Near & Distance Vision
Binocular (two eyes) Coordination
Accurate Eye Movements
Focusing Ability
Peripheral Awareness
Eye-Hand Coordination for writing and sports skills

For these reasons, some states require a mandatory eye exam for all children entering school for the first time.


Created on: Tuesday, September 04, 2012
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Author:  Rajesh K. Rajpal, M.D., See Clearly Vision

In providing great visual outcomes for patients, we have come a long way since the FDA approved the excimer laser in 1995. With the ability to create flaps using laser technology and by precisely measuring each person's visual aberrations, LASIK can allow most patients to dramatically reduce the need for glasses and contact lenses. The real keys to successful refractive surgery include determining appropriate candidacy for surgery with a comprehensive pre-operative evaluation, meticulous care during the surgical procedure, and close follow up care after the procedure.
Patients who are nearsighted (myopic), farsighted (hyperopic), or have astigmatism can be treated if they meet the appropriate clinical criteria. As part of the initial evaluation, the corneal curvature and thickness are measured. An assessment for dry eye is performed as well as a thorough eye examination. Appropriate review and education of realistic expectations is critical in helping patients decide if the procedure is right for them. Finally, helping guide patients through the day of surgery and their follow up appointments leads to tremendous levels of patient satisfaction.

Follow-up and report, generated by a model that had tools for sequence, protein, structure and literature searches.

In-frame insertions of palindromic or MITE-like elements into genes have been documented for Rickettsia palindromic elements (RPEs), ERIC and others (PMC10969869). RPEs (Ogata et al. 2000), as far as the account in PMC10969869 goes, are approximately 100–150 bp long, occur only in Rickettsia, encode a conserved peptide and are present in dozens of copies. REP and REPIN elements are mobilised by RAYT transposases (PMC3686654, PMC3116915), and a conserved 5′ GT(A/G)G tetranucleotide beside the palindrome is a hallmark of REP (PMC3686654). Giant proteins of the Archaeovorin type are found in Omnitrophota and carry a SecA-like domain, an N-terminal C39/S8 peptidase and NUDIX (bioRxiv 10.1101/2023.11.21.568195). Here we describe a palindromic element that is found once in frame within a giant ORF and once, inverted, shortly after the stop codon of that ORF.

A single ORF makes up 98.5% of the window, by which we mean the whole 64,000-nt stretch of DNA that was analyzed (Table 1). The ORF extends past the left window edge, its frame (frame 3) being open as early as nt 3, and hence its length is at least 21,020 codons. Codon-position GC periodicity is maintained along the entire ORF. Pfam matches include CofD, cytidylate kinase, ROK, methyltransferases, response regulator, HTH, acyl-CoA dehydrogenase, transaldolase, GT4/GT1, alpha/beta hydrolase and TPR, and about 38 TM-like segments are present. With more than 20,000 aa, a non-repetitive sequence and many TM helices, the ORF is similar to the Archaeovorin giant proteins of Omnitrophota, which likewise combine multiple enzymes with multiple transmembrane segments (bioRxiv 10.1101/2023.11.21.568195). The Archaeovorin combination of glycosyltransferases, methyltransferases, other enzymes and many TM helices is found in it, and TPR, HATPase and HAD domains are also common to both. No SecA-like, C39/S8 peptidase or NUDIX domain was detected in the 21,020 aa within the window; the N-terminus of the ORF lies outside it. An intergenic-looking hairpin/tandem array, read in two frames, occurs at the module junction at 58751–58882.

The Truth About Pink Eye

The Truth About Pink Eye

Created on: Wednesday, August 15, 2012
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Author: Dawn L. Williams, O.D., See Clearly Vision

I am always being asked by family and friends if I can treat their pink eye. The phrase ‘pink eye’ is often used to describe the appearance the eye(s) when they are, well, pink. However, when an eye appears less white than normal it can be its way of letting you that something is not quite right. The redness can be caused by numerous things that can include a type of infection, allergies, dry eye syndrome, and many others.
Allergic conjunctivitis affects numerous individuals during the spring and fall seasons. Affected individuals will mostly complain of itchy, watery eyes. They may also have systemic symptoms such as a running nose and sneezing. This form of conjunctivitis is treated with ocular antihistamine drops that can be purchased in an over-the-counter form. For more severe presentations, however, topical prescription medications and an oral antihistamine may be necessary. 
Bacterial conjunctivitis is one cause of red eyes. Patients will not only have red eyes, but there will be some ocular discomfort and possibly a discharge coming from the eye. This is a contagious form of red eye; therefore proper sanitary precautions should be taken to prevent spreading it to others. Treatment for bacterial conjunctivitis will consist of the use of antibiotic drops several times a day for several days.